Apropos of Covers…

The group writing blog, Writers in the Storm, Melinda VanLone recently had a different take on covers. Some of the points underline what Sarah, Cedar, and others have said – covers are not first and foremost works of art. They are tools for selling.

The second point… I’m not entirely sure about, although based on the problem on the ‘Zon with “Just what is Urban Fantasy anyway?”

From the OP:

Step Two: Make Sure the Cover Art Fits the Genre

Once you nail down the shelf or category, take a much slower stroll along those aisles and pick up books similar to your story. It’s vital that you do this physically, in person, at a real bookstore, and not a library (you want current trends). You want to do your research in a place where people actually spend money.

Don’t do this research online.

If you research on Amazon, the results will be full of fluff and spit, stuffed with Kindle Unlimited attempts to make money without effort. Most of those covers are slapped together with little thought and no expertise, with the hope of tricking people to read even ten pages. Your story is worth more effort, and more thought, than that.


Part of me agrees with the usefulness of going to a bricks and mortar store. But not all of us can do that easily, and I’ve seen great live-book covers that stank as thumbnails on Amazon, B&N’s website, or other e-tailers.

As an aside, I’ve found some very interesting and thought-provoking ideas and tips over at Writers in the Storm, and some things that I really wondered about. It leans toward romance and contemporary fiction, but many of the articles are broad enough for other genres.

Writers in the Storm: The Cover Two-Step.


  1. I would think that doing your research on covers on line would require keeping the same things in mind, that some covers might not be good representatives of the best way to sell. But it’s easy enough to look at the number of reviews and sort out which books are most successful.

  2. That is why the first thing I say is to look at the top 100 best sellers. You don’t care about the covers of books that don’t sell, or are permafree. The books that make money – those are worth paying attention to!

    1. For Sci-fi I’m fond of the idea of retro style art covers. I have no idea how well they’d do, but I know that *I* like them.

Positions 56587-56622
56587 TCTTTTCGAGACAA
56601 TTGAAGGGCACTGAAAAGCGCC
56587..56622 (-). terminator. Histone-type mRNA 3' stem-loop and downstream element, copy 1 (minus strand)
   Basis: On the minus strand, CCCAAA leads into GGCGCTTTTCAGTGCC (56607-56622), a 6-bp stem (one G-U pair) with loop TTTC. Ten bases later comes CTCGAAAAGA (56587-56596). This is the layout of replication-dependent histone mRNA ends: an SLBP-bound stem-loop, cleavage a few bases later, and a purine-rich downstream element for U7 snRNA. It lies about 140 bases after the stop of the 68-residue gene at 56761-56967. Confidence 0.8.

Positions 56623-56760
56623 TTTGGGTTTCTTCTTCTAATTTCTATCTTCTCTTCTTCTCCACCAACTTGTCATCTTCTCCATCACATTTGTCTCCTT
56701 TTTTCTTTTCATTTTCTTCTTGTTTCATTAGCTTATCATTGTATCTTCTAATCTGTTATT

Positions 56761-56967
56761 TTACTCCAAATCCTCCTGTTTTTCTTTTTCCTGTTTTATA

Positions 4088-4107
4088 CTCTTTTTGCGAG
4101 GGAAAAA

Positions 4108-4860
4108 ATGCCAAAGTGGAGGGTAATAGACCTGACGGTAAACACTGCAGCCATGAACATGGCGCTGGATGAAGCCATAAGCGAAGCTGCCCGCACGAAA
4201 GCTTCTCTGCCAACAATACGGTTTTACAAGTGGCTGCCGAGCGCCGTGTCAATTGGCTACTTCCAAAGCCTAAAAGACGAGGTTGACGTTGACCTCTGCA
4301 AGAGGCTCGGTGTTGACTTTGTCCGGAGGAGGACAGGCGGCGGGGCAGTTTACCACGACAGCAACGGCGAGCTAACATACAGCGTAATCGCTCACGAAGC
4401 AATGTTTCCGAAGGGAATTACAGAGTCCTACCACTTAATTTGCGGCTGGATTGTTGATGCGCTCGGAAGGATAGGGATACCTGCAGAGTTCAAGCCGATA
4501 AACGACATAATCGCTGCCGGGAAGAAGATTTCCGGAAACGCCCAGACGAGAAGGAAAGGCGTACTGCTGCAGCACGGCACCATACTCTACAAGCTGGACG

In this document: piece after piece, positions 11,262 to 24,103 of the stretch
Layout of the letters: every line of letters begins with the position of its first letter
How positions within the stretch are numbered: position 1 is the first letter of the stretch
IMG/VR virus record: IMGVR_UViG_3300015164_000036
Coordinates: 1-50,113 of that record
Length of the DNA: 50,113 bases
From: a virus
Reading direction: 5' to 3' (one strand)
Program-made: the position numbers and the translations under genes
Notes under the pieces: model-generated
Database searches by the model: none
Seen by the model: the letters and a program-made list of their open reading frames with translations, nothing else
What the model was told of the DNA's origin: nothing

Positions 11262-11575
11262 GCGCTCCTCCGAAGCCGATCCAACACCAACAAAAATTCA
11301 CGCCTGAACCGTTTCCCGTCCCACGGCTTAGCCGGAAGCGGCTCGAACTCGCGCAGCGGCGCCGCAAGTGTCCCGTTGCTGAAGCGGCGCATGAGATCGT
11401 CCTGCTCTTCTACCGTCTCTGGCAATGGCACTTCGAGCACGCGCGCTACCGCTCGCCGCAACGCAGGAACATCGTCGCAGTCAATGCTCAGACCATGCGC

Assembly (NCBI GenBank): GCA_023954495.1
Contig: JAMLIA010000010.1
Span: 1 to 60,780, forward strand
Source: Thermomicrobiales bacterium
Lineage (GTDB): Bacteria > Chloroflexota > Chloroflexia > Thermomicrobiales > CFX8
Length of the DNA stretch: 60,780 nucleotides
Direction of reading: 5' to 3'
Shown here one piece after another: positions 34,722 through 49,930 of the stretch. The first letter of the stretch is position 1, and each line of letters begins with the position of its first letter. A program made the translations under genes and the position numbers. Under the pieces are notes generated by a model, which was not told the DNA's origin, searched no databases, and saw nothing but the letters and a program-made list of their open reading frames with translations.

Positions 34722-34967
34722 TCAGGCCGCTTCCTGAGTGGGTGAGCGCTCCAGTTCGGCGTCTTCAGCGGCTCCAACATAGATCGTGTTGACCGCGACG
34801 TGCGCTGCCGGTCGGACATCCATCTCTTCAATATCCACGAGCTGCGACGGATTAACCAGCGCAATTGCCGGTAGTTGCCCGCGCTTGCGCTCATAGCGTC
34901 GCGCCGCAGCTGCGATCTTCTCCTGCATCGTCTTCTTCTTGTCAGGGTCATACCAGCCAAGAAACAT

3. It’s vital that you do this physically, in person, at a real bookstore…You want to do your research in a place where people actually spend money.

    My inner snarker can’t help pointing out that these two may be mutually exclusive. Certainly if the goal is to get somewhere where people spend money on books, Barnes and Noble is out.

    In all seriousness, I’m not sure you can “nail down the shelf” at an actual bookstore and browse to see if you match. Bookstore shelves tend to be pretty broad genres, while covers are working for very specific subgenres. Yes, I had a devil of a time looking for urban fantasy that isn’t paranormal romance by searching Amazon categories. However, I don’t know that I would do any better if I was looking through a general “science-fiction and fantasy” section where urban fantasy is mixed with everything from space opera to sword and sorcery.

    Most of those covers are slapped together…with the hope of tricking people to read even ten pages.

    I think I know what they mean, but truth be told a cover that “tricks” people into reading ten pages is an excellent cover. If your cover convinces people to read ten pages, that means that its done its job; by Page 10, the writing should be selling itself and the cover should be largely forgotten.

    1. Used to, you could tell by seeing if there was a bare-chested man in the background behind the leather-clad-chick (Jane Yellowrock, Stookie Stackhouse, and Dresden Files covers being an exception from the beginning). If you saw the half-clad dude or a large predator, it was paranormal-romance. Otherwise a leather-clad chick indicated urban fantasy.

      Then 1. PNR bled into UF (metaphorically as well as literally), and 2. people started doing other things with covers.

    2. I think this is true so long as you don’t *lie* about the sub-genre with your cover.

      If you do that, 10 pages later the reader will probably hate you.

  4. When it comes to urban fantasy, probably do whatever Patricia Briggs or Ilona Andrews (or their publishers) are doing. They seem to have pretty good luck with covers, and with genre-identifying elements. Also, they’re not writing totally romance or totally non-romance, so you can see what appeals to broad swathes of readers.

  5. wait, there are places people still go to buy actual physical books… in actual stores?

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